U.S. Promises to ‘Look Into’ Caribbean Travel Advisories

Author  Edited from CMC

NASSAU, The Bahamas – Prime Minister Dr. Hubert Minnis says United States President Donald Trump has promised to “look into”  controversial travel advisories issued by his country and affecting several Caribbean destinations.

“That is significant to us because we are a tourist destination,” Minnis told reporters on his return to The Bahamas last month after attending a two-hour meeting with Trump.

Minnis was joined by the leaders of Jamaica, Haiti, St. Lucia and the Dominican Republic, who met with the U.S. president at his private residence in South Florida on Mar. 22.

Earlier in March Nassau, responding to a U.S. travel advisory on the country, said the “vast majority” of the six million visitors to the country do so without “any incident whatsoever”. In a statement, the Ministry of Tourism and Aviation explained that while it noted that overall the guidance to U.S. citizens remained a Level Two advisory recommending caution, “we recommend that travelers to any destination maintain awareness of their surroundings and exercise basic precautions, as they likely would in their home cities and when not on holiday.

“In reality, the vast majority of our six million annual visitors do so without any incident whatsoever,” the Ministry of Tourism noted, quoting 2018 figures provided by the Royal Bahamas Police that showed there were “only 43 incidents involving tourists, of which 30 involved U.S. nationals and nearly all were minor offenses.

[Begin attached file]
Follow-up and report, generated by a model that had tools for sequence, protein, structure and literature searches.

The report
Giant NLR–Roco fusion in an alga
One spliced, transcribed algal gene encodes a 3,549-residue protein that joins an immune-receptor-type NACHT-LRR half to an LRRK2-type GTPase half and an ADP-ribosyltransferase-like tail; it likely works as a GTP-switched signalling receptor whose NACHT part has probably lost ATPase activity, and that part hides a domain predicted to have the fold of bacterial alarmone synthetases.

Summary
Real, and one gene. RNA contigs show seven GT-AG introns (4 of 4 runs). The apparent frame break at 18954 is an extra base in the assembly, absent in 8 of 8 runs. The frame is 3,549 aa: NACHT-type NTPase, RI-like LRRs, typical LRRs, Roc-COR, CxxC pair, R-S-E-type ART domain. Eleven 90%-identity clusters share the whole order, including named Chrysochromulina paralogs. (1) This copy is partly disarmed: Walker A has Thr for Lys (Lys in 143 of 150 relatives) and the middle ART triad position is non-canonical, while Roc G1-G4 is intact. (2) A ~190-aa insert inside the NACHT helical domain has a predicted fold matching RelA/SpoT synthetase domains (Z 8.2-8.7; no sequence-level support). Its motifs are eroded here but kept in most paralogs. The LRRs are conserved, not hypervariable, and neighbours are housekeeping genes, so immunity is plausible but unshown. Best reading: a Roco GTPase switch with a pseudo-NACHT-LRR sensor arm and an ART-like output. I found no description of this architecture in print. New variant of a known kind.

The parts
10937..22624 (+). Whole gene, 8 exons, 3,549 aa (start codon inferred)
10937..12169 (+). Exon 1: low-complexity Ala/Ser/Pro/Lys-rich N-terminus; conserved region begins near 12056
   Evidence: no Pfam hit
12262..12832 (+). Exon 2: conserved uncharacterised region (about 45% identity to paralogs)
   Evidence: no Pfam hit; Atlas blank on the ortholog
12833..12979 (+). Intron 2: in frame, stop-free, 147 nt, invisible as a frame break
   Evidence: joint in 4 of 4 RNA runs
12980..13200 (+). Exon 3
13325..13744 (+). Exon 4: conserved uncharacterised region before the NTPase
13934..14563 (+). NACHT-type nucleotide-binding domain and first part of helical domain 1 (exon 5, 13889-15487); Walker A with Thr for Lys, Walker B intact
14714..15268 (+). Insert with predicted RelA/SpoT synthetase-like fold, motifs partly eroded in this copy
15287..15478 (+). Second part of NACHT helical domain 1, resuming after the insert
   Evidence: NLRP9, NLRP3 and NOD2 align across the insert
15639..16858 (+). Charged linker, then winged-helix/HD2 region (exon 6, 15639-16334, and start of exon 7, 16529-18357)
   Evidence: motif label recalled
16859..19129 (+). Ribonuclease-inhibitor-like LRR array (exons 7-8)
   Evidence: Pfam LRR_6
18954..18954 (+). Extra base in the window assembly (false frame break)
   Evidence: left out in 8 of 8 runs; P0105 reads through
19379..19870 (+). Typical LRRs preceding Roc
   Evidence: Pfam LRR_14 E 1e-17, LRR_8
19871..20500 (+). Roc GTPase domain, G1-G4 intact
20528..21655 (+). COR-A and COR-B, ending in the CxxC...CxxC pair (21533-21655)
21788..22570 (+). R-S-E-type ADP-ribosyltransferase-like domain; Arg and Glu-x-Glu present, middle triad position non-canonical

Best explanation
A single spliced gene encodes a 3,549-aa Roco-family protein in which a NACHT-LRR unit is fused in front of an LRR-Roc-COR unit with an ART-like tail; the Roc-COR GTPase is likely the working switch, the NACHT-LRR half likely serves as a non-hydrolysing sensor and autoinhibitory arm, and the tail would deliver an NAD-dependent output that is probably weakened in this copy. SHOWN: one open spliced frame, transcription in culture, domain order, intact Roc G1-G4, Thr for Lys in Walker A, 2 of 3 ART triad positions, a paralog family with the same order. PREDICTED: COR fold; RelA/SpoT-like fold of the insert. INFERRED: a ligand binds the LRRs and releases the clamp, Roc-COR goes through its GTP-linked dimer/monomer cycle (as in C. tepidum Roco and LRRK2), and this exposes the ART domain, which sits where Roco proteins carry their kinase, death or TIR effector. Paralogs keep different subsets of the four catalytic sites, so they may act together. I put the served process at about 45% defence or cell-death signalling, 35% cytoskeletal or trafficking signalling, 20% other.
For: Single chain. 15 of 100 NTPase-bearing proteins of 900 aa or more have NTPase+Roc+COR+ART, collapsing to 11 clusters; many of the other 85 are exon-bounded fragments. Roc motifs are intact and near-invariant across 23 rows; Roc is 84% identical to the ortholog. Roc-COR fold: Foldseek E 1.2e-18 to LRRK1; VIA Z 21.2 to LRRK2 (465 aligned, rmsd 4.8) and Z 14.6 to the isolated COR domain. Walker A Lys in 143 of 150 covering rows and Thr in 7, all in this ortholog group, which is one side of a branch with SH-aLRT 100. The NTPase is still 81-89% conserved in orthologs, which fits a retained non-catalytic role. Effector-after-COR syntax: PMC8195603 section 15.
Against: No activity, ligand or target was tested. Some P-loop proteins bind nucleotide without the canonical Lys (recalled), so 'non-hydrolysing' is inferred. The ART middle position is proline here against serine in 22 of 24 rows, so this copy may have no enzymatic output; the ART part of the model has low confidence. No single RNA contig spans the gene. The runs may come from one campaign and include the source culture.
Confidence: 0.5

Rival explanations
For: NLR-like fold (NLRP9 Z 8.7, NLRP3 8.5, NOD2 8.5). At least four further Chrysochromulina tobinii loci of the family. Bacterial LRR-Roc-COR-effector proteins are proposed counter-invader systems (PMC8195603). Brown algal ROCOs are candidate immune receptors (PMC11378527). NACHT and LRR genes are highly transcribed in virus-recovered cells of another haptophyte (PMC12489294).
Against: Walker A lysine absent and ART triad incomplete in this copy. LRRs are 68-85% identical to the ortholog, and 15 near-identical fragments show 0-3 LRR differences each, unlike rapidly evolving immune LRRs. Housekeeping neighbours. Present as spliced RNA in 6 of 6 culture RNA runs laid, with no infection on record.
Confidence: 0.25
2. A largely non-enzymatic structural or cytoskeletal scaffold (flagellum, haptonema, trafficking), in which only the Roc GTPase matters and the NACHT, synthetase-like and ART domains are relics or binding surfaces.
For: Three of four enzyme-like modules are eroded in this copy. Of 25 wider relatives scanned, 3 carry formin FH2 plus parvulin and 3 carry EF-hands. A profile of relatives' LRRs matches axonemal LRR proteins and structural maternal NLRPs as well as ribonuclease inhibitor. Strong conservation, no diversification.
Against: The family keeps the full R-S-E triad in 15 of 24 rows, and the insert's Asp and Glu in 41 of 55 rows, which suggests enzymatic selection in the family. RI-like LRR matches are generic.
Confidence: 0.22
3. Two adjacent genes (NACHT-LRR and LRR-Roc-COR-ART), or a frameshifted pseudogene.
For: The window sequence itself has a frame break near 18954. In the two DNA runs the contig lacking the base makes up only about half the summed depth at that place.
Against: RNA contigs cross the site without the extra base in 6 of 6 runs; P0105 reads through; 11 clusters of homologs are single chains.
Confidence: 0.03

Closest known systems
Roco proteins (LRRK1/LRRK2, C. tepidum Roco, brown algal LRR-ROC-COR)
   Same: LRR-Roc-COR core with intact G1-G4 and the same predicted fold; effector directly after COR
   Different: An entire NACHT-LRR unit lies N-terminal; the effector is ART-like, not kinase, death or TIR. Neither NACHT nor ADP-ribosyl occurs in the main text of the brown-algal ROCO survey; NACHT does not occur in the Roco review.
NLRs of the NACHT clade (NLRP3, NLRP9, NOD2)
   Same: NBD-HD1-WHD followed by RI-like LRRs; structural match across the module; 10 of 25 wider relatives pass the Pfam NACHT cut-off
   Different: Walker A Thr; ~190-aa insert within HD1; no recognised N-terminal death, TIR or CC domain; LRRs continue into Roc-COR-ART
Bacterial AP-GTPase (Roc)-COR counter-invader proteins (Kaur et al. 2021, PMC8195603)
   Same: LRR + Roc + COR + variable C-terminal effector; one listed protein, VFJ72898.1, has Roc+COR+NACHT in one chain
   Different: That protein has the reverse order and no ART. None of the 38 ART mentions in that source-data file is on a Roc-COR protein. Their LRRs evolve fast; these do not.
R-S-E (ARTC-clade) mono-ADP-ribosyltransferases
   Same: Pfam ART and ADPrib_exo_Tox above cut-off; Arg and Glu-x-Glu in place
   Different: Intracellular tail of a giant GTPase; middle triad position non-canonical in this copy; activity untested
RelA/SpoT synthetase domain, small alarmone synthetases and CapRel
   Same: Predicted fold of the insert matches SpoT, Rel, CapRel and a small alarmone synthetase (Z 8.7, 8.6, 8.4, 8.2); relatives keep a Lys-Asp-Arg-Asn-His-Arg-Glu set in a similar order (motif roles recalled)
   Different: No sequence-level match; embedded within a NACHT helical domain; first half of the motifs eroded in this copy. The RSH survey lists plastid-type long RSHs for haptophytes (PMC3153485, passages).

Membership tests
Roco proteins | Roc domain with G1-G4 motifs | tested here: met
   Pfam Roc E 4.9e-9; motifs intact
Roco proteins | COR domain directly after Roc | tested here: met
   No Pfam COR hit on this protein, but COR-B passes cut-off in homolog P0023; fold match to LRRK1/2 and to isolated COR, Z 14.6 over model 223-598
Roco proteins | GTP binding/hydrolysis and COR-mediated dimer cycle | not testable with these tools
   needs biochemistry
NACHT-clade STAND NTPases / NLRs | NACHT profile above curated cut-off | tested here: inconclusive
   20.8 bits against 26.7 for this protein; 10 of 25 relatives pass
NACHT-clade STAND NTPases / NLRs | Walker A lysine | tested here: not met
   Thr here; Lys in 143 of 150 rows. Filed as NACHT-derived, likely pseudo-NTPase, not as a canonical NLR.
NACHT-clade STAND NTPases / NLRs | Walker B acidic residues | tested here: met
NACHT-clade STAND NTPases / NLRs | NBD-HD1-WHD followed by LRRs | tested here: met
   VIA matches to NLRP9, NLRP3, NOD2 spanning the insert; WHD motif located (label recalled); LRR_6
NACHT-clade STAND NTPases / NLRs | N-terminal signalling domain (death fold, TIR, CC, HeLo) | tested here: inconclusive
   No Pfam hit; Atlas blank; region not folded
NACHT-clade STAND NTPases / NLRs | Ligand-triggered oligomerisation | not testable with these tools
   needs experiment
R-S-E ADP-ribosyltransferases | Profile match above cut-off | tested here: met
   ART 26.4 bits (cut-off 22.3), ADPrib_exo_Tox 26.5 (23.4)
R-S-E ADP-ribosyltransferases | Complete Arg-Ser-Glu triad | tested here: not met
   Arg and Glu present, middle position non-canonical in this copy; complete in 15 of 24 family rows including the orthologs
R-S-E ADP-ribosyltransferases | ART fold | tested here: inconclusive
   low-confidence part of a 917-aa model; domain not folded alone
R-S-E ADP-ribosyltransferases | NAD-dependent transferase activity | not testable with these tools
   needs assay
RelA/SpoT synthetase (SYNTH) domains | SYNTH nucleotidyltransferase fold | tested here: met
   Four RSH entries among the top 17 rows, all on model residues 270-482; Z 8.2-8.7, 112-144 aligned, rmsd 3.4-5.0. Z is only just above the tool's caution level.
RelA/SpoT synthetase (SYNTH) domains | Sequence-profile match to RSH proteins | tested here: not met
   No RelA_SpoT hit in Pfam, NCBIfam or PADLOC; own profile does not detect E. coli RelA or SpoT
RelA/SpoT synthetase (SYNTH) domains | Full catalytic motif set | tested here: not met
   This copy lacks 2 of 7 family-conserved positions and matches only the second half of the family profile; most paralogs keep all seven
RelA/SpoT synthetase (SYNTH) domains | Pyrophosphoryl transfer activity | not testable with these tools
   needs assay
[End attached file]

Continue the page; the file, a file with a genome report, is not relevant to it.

FEAR

Minnis told reporters that a travel advisory would likely create unnecessary fear that could damage the local economy.

“Eighty percent of our GDP (gross domestic product) comes from tourism,” he said. “We’re doing very well in tourism at this particular time. And the travel advisory which we interpret (should be) one to inform one’s citizens to be aware of problems as opposed to initiate fear.

“So, we brought that point across and the president was very concerned as to how that’s impacting us. And I would have explained that. And I also pointed out that out when one looks at the amount of criminal attacks or involvement of the American tourists versus our population (it’s) very negligible. That is, we’re talking about 0.004 percent of Americans … which is negligible,” Minnis said, adding that some of the information contained in the advisory had been inaccurate.

He said it appears that “the travel advisories are being recycled (and) that some of the information that is on the travel advisory is not pertinent today, because buildings or restaurants that they may have referred to no longer exist. Those buildings may have been destroyed two, three years ago.”

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